The customer photo pick-up portion 46 of the kiosk 14 is illustrated in
Selection push buttons 54 are provided directly beneath the display screen 52, and a customer keyboard 56 is also provided. It should be noted that in some cases, the reader 30, screen 36 and keyboard or keypad 40 at the drop-off portion 24 may be shared with the pick-up portion 46, i.e., serve also as the card reader 50, display screen 52 and keyboard 56, in which case each such unit has both a drop-off and pick-up functionality. This would not change the overall concept of the photo processing kiosk 14.
A delivery bin 58 is located at the lower part of the front panel 26, and provides a means for delivering the customer's finished photographs to him or her. When the customer identifies himself or herself, the customer's prints are transferred from a storage carousel within the kiosk to the bin 58, and the bin 58 is unlocked to permit the customer C to open it and remove the customer's finished photos.
The general order of the internal workings of the 1HPK kiosk 14 are illustrated schematically in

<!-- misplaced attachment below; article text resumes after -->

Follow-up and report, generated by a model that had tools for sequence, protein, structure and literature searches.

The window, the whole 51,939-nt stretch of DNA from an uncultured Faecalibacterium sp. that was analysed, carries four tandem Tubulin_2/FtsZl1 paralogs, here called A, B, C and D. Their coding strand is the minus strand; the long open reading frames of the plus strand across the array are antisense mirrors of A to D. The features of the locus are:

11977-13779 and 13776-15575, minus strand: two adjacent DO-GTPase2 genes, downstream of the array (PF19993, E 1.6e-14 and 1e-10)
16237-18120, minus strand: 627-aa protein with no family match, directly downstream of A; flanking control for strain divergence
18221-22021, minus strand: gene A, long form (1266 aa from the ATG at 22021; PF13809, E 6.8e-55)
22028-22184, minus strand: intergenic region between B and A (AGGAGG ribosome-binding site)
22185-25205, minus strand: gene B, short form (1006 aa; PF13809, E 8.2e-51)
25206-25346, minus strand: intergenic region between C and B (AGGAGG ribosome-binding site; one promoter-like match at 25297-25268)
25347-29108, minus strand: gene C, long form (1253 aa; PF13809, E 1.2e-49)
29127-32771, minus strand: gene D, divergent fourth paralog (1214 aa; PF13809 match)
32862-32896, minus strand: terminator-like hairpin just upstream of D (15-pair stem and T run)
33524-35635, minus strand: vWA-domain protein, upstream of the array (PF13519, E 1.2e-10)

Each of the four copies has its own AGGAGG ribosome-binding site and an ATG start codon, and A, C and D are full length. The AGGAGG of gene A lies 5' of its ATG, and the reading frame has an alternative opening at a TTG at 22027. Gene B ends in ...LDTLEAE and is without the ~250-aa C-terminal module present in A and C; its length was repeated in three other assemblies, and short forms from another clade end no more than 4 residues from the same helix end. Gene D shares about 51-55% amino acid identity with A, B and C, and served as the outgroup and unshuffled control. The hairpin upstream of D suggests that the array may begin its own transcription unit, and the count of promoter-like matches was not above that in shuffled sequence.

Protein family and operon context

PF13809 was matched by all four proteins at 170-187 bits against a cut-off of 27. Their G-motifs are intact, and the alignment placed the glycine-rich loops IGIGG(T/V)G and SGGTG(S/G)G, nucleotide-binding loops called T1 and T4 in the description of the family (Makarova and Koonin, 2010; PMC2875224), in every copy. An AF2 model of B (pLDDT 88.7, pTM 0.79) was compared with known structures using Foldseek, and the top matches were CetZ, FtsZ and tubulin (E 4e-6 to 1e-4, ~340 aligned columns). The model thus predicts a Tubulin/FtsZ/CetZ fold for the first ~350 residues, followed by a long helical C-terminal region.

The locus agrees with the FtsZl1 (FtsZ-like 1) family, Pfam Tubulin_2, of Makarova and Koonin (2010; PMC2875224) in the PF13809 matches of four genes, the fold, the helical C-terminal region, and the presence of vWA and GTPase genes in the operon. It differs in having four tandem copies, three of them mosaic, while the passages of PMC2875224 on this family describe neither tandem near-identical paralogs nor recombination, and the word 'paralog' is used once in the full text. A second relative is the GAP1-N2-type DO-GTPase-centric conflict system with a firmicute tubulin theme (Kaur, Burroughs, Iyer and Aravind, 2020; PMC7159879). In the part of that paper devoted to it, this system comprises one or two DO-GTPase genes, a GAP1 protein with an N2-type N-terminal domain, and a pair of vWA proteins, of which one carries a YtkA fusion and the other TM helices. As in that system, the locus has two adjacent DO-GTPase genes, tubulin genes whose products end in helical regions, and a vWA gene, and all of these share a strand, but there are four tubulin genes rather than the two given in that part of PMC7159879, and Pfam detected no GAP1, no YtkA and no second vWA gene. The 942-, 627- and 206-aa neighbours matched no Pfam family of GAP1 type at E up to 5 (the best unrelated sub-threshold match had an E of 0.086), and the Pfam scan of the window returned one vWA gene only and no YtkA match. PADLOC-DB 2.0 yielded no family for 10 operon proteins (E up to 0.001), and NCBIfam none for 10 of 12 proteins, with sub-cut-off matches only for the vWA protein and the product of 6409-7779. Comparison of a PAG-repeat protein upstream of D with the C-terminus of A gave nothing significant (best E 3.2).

An automatic camera opener or OTUC opener 62 is located at the OTUC opening 32, and opens the one-time-use-camera inserted by the customer to remove the film cartridge contained inside it. The camera bodies are then transferred to a bin 64 where they can be reused or recycled. A film cartridge transport 66 connects between the film cartridge opening 34 and a film input of an automated mini-lab film processor 68. The transport 66 includes a cueing mechanism, i.e., a linear pathway that holds the film units in sequence until the next stage, i.e., the mini-lab processor, is ready to accept the next film unit. This can use a conventional means for indexing the film to identify it with the customer and film processing order, and may apply a bar code or similar indicia to the film case or to the end of the film strip. A similar film transport links the OTUC opener 62 with the mini-lab processor 68. The queuing mechanism may incorporate a prioritizer, for taking some film units ahead of others (for an increased processing fee). Lower priority processing would be suitable for customers who plan to return later than the usual time for processing (i.e., one hour). The processor accepts the film units, in sequence, from the transport(s) 66, and automatically feeds the film from the associated film cartridge into a system of processing, which may be a more traditional wet-process developing system (based on C-41 chemistry, for example) or may be a so-called dry process or digital direct processor. In either case, the photographic images are produced, either as negative optical images in the wet processor mini lab, or as digital images in the case of the dry process mini lab. A number of both types of mini-lab processors are available and could be used here. A digitizer 70, which can produce digital images from color photographic negatives, may be used to obtain electronic digital images for making digital prints. In the case of a dry process mini lab, the digitizer may be incorporated in the mini-lab equipment. A waste storage tank 72 holds used photographic chemicals and other waste products, so that they may be disposed of without danger to personnel or the environment. A computer processor 74 receives the photographic images from the digitizer 70 and also receives the associated customer and customer print order data, and these images and data are stored on a magnetic storage device 76 which may be a magnetic hard disk drive of sufficient capacity.